Lisa and Mark are pledging $60,000 to the CSBR and $20,000 to the Augsburg Fund. “We started out giving to Augsburg’s annual fund. That has always been important to us,” Lisa says, “because it supports the overall excellence of the college and its mission. When we considered our campaign gift, we wanted to add to what we were already giving to the annual fund.”

Lisa grew up in Wisconsin, and her parents encouraged her to attend a public university. Her dream was to major in social work, studying in an urban location. When an Augsburg representative visited her high school, Lisa thought Augsburg sounded like a great fit. She applied and filled out the financial aid application, hoping she could afford to attend. She was delighted to receive a generous scholarship which made it possible to become an Auggie. She double-majored in social work and Spanish.

Augsburg prepared Novotny well for leadership in human resources

“At Augsburg I learned to think about the world as a connection of systems: individuals and their family, community and faith system, and how these all fit and affect each other. I also learned to write well. These things prepared me well for my career in human resources.”

From the University of Minnesota she later received an M.A. in industrial relations. Currently she is vice president of human resources at General Mills. She oversees human resource strategy and leadership for the company’s international segment with 25,000 employees around the world. Earlier she was vice president of human resources for Dain Bosworth in Minneapolis, and manager of human resources for First Bank System.

She met Mark when both were summer camp counselors at Luther Park in Chetek, Wis. He graduated from the University of Minnesota but says Augsburg was the hub of his social life, including having two Auggies as apartment mates.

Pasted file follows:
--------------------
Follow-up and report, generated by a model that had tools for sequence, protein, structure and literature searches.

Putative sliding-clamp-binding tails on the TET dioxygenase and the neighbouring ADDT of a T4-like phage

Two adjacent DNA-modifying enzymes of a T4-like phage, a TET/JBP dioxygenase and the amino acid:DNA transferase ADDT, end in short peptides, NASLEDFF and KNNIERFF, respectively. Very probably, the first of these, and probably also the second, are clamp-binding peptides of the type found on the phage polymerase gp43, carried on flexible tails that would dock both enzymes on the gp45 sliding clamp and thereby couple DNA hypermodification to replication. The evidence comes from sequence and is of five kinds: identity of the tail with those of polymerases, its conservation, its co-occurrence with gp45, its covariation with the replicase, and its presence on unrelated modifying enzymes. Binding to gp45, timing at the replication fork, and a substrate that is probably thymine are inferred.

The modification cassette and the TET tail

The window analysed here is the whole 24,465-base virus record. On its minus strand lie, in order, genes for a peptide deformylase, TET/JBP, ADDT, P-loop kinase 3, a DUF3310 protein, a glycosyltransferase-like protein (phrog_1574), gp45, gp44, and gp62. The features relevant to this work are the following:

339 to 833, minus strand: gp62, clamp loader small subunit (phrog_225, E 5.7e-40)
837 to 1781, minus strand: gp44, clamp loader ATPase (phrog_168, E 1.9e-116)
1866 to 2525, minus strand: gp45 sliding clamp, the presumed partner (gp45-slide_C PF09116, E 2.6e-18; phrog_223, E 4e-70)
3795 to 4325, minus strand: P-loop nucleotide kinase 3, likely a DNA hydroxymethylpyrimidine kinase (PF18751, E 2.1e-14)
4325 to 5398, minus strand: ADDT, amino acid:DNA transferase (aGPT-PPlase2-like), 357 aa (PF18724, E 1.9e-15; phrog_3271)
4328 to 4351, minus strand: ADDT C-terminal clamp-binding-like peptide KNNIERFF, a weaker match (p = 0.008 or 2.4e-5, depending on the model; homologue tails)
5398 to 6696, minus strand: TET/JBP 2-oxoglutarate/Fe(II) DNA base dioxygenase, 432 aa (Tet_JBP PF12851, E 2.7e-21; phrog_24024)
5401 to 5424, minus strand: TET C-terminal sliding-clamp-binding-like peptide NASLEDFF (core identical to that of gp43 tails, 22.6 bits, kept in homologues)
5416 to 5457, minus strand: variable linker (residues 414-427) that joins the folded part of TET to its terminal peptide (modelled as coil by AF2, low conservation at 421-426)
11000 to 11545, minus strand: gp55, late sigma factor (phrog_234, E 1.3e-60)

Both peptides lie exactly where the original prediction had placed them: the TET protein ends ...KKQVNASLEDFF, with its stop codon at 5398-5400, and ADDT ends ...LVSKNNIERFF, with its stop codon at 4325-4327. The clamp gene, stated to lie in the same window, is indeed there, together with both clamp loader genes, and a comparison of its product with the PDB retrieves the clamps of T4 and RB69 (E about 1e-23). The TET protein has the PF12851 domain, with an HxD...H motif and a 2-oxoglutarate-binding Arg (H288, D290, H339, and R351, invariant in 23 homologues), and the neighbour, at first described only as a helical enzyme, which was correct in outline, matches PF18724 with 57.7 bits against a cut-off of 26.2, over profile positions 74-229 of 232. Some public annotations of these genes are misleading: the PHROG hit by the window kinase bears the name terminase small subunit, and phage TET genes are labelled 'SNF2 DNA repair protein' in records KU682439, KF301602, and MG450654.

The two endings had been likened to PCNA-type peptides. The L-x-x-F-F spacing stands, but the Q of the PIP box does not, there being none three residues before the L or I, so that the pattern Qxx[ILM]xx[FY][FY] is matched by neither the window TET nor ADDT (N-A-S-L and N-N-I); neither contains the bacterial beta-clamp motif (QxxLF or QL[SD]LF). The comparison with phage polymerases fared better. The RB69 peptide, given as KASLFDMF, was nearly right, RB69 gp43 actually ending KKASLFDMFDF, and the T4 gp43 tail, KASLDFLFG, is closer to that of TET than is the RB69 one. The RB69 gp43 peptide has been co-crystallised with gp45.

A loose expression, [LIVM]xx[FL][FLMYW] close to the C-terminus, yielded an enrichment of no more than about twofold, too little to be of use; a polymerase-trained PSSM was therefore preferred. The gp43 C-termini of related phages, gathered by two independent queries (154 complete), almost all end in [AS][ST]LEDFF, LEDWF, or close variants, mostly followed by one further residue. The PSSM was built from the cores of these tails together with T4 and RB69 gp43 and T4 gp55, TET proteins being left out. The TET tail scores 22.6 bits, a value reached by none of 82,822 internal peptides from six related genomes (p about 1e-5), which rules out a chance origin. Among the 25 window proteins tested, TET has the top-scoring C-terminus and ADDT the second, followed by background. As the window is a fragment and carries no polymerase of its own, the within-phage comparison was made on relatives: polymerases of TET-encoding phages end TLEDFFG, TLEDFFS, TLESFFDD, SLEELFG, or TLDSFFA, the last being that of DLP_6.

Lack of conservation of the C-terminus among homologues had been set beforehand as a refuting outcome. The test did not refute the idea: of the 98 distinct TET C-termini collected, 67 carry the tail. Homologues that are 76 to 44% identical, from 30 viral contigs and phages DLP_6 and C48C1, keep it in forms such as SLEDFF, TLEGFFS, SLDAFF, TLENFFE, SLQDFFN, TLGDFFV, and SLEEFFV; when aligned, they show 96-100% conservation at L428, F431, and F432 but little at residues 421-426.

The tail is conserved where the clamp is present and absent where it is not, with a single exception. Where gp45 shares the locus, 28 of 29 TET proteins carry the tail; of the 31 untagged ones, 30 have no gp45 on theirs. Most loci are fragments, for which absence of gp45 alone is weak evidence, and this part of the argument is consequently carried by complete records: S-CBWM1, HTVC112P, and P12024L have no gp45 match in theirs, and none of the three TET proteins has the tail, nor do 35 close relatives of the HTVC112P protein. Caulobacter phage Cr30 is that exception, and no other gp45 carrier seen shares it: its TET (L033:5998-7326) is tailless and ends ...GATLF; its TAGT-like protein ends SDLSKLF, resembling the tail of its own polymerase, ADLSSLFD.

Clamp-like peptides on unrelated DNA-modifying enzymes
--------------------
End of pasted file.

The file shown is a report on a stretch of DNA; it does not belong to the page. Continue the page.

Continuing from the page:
Mark Flaten pursued his vocation in ministry and family therapy

Mark received a Master of Divinity degree from Luther Seminary in St. Paul in 1985. His seminary internship assignment was Taiwan. He and Lisa lived in Taiwan for two years, providing global experience that helped her in international work at General Mills.

Mark served St. Philips Lutheran Church in Fridley and Calvary Lutheran Church in Golden Valley, and then returned to graduate school. He attained an M.S. in marriage and family therapy and has been in private practice as a therapist for 18 years.

Daughter Natalya thrived at Augsburg

Lisa and Mark have three children. Their middle daughter Natalya Flaten ’12 graduated from Augsburg College as a studio arts major. “I became a regent for the college at about the time Natalya began her studies there. Our daughter felt really welcome at Augsburg,” Lisa says. “Both of these experiences deepened my connection with Augsburg. I love the vision and mission of the college, and it’s a pleasure to serve as a regent and support the college financially.”

“We appreciate the values of the school, including its diversity and inclusiveness,” Mark adds. “Augsburg means a great deal to our family. We want to do what we can to help the school thrive.”

Family Members Honor Parents by Naming a Faculty Office in the CSBR

larson finalHave you noticed—your parents got smarter over the years? Maybe not in IQ but in how you view their actions and ideas compared with what your teenage self thought? Dean ’62 and Barbara ’63 Larson laugh while describing this phenomenon.

Now this couple follows both sets of their parents’ example of generous giving. “My parents gave at the first of every month. If they had food on the table, they gave money away. That always came first before other spending,” Barbara explains.

Today she and her husband Dean─like their parents before them─practice “first fruits” giving, donating a percentage of income to Christian causes. They find tremendous joy in doing so.

Augsburg College ranks as a priority in Dean and Barbara’s charitable giving. They named Augsburg as a beneficiary of their estate plan and pledged current gifts for the Center for Science, Business and Religion (CSBR).